Making sense of feelings…helping your child to know that feelings are connected to something and thus have meaning is an important tool to understand and manage feelings. Secondly, developing an awareness of your triggers and knee jerk reactions, then pausing to think before reacting, is another way we rein in our emotions and model that behavior to our children. Reining in feelings help us communicate more effectively and respectfully with our children.

We are not born with skills that help us regulate our feelings. We learn them from others and improve over time with practice and self-awareness.

FamilyKind offers a parenting skills course for parents who want to become more mindful of their interaction with their children through learning and practicing skills in a safe, caring forum. The course is called Systematic Training for Effective Parenting (STEP). You can learn more by going to the FamilyKind home page and click on For Families and then Systematic Training for Effective Parenting (STEP).

Betty Gewirtz is a licensed clinical social worker and psychoanalyst in private practice in Manhattan and Brooklyn, and a parent educator in FamilyKind’s STEP program. Learn more.

How Do I Reduce My Child’s Screen Time?

This post is part of our “Because Kids Don’t Come With Instructions” series edited by Ellen Taner. The series is in support of FamilyKind’s Systematic Training for Effective Parenting (STEP) program.

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It’s a question many parents are asking. As a mother of an 11-year old girl, I know this issue very well. There’s a constant frustration of trying to get her to do something other than jump from her phone to a tablet to the computer. My daughter could spend her whole day (especially cold winter days stuck inside) texting, going on group chats, face-timing her friends, or watching the latest videos on You Tube, not to mention, streaming shows on Netflix.

New studies have indicated that kids today risk the potential of losing the ability to read nonverbal cues and it is the direct cause of too much face to screen time vs. face-to-face interactions. (WebMD)

As a parent, it’s easy to feel guilty about the number of hours your kids spend on their electronics. After a while, the frustration turns into annoyance or even anger because they are utterly hypnotized with the screen even after the “one more minute” warning has been issued multiple times.

To address this issue, start by noticing your own screen habits because you are your child’s most influential role model. You can’t tell your child to get off their phones if you’re checking your emails, texting and streaming Netflix endlessly yourself. “Parents who have limited TV habits tend to raise kids who will have limited TV habits.”  (Paul Ballas – Green Tree School Clinic in PA)

You’re more likely to get your kids to be compliant if you come up with screen rules together as a family. The family can come up with a pact or contract that outlines the specific rules. Some suggestions are, no texting during meals, no TV during meals, no screen time until homework and chores are done. Also, the TV gets turned off at a certain time every night and importantly no computer or TVs in the bedroom. You can also add to the contract what rewards and limits will be set if the rules are not followed. Rewards can be as simple as alone time with a parent doing a special activity, or a sleep over with a friend.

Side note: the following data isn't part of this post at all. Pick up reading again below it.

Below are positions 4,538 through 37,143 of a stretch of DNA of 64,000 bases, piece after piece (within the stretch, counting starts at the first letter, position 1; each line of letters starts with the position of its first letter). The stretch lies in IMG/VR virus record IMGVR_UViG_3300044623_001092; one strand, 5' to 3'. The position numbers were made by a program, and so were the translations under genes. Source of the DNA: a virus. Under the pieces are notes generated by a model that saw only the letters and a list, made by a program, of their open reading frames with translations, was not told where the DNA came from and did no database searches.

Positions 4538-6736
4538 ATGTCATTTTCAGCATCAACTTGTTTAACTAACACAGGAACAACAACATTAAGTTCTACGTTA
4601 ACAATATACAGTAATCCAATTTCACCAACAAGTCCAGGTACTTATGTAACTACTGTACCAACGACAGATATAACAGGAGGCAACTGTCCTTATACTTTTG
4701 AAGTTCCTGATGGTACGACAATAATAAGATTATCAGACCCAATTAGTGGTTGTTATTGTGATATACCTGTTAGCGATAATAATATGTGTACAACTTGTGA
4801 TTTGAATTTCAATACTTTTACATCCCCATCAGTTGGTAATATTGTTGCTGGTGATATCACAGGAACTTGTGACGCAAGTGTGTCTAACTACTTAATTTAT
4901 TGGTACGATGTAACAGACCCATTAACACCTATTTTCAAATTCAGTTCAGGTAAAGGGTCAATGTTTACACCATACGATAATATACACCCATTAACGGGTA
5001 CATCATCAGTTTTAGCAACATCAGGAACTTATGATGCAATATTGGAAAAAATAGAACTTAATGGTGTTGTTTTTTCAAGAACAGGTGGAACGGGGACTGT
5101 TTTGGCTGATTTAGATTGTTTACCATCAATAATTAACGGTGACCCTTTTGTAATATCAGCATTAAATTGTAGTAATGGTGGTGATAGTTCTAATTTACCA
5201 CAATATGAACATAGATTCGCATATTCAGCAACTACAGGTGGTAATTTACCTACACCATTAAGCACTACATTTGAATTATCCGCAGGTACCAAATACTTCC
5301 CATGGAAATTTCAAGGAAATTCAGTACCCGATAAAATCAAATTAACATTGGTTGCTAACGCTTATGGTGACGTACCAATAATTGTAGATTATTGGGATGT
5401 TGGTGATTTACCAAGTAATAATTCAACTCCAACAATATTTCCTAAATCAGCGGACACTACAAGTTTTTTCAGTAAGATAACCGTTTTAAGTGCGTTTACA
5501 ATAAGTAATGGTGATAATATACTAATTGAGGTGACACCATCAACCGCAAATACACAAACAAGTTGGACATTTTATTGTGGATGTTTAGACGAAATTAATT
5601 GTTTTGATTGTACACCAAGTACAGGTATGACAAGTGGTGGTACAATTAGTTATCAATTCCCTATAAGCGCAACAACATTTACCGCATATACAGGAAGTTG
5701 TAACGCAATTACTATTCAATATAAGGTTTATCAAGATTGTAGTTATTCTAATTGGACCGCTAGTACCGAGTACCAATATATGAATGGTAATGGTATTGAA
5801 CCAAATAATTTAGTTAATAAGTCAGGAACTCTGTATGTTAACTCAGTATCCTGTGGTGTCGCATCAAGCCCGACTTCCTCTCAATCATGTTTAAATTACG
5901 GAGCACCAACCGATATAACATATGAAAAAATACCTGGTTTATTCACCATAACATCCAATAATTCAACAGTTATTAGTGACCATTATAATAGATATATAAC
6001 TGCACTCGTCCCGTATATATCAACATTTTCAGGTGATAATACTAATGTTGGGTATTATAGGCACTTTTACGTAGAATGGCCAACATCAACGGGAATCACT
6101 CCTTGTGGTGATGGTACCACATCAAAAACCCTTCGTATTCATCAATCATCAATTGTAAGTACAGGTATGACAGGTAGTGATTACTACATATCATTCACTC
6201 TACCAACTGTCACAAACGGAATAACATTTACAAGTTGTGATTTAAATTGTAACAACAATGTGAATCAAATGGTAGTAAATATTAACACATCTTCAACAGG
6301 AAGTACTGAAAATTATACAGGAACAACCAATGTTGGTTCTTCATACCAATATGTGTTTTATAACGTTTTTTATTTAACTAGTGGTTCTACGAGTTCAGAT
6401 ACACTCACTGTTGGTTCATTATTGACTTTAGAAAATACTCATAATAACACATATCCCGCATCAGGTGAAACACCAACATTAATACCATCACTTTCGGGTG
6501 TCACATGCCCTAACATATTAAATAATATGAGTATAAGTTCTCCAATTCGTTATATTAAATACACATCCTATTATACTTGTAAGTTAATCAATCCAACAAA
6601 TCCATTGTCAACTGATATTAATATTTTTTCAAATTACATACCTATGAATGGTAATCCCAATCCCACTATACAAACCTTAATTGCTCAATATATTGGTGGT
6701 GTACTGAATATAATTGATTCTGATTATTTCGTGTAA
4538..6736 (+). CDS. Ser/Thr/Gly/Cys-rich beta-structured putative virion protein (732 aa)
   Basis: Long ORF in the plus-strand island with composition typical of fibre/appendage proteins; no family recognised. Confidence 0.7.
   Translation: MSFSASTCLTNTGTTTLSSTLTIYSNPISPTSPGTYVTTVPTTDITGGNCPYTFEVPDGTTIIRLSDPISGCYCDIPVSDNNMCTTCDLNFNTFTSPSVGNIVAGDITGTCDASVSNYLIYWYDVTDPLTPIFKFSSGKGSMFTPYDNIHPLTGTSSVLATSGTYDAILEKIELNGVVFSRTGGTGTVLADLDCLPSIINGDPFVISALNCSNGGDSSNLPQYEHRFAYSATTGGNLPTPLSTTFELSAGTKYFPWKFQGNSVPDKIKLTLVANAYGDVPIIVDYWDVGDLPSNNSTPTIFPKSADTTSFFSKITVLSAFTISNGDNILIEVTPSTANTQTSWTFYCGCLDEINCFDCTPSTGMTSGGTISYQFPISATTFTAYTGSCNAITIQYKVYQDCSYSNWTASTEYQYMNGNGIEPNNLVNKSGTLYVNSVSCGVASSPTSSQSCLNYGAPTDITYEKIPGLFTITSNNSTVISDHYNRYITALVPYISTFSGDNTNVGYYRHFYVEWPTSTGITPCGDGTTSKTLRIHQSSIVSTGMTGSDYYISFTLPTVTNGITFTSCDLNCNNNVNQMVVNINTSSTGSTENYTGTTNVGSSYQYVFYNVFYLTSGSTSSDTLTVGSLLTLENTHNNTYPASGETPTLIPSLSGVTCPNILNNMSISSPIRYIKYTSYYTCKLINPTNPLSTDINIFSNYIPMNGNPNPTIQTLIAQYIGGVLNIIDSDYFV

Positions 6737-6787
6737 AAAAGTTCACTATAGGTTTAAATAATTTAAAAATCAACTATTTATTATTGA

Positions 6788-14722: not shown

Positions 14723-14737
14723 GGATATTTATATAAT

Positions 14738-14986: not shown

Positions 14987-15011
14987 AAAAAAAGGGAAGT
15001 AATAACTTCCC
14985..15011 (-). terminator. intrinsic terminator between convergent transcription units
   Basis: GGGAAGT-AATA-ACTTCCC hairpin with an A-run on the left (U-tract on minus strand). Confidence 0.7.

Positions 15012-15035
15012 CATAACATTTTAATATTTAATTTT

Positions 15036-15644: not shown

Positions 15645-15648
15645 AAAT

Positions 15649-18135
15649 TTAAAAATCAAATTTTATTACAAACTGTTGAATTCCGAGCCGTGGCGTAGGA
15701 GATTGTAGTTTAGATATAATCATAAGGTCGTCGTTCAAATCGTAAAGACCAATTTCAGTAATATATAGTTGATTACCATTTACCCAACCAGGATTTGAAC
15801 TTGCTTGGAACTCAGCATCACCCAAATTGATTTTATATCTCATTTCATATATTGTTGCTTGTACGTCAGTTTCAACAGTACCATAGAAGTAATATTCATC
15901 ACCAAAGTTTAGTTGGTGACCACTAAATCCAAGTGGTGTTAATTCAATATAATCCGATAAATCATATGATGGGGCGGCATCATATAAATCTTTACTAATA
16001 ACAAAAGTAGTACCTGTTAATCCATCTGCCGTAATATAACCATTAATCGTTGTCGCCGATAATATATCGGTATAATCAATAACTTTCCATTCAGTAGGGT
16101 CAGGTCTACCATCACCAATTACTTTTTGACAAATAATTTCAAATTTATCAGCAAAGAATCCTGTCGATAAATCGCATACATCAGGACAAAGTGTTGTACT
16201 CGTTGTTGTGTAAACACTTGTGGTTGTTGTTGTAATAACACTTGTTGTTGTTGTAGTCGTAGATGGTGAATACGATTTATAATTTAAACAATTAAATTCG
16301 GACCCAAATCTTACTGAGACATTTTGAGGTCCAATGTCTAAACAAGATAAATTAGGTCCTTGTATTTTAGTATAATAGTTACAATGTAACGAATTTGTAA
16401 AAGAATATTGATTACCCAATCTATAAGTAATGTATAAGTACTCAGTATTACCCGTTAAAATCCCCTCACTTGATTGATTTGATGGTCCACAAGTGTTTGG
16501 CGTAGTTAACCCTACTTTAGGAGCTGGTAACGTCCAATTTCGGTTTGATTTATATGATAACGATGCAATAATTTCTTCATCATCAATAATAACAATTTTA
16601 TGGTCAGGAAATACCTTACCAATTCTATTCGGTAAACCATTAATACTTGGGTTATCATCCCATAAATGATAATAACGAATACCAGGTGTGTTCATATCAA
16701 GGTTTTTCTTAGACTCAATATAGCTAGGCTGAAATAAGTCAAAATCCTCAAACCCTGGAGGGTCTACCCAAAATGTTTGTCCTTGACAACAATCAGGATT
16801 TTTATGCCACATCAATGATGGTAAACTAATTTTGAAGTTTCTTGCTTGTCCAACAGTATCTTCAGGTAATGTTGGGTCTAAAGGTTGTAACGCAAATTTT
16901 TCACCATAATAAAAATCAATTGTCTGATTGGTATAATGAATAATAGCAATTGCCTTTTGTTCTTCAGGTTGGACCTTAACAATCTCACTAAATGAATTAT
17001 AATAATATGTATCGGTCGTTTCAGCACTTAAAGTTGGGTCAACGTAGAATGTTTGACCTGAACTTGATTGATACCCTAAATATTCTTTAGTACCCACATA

A parent once suggested to me that doing this contract, as a group of families (families that both you and your child are friendly with) would make the whole process easier. Your kids will know that they are not alone and it could be helpful for all the parents to “check in” and learn from each other. Obviously, you will adapt it to what fits best for your family, but knowing you’re not alone in this undertaking, might be quite reassuring. Your kids will also want to “keep up” with their friends and have more of an incentive to want to do well.

It’s important for children and adolescents to learn to delay gratification by emphasizing the importance of completing their homework or chores first. It will help to reduce the impulse to be on the screen if your child knows that privileges and rewards will happen after the hard work is completed. Also, when your child is planning a get together with a friend, try coming up with some non-screen activities that they can do with their friends.

In the beginning it’s important to let your teen know you’re paying attention to the number of hours they’re on a screen. Gentle reminders work well, “Hey, I think you’ve been on your phone for a long time now and it’s getting close to the limit we set.” Pay attention to the contract and the rules that were set. You might have to investigate to see if there was non-compliance, particularly when there is no parent around. If needed, change passwords that require the parent to sign on to the device or give more time-consuming chores. You can have a family meeting to discuss additional rewards and also address the challenges.

On another note, kids were born into this world of technology, and not all time on a screen is wasteful. It may pay to ask your children what they can do on their devices that are productive, such as reading books, or watching more educational programming. You might even ask your child’s teachers for some suggestions if there’s a particular subject they enjoy. There are also many online activities for individuals or the entire family that involve movement such as fun dance cardio, exercise videos and even the WII sports games. Let’s not forget about just listening to music, by themselves, or with their friends.

It’s up to us as parents to remind our kids that there’s a world out there that is unplugged. Encourage your teen to socialize more by finding activities that engage them socially like clubs at school and volunteer activities. Keeping your child occupied and active will help to build their self-esteem and acquire new skills.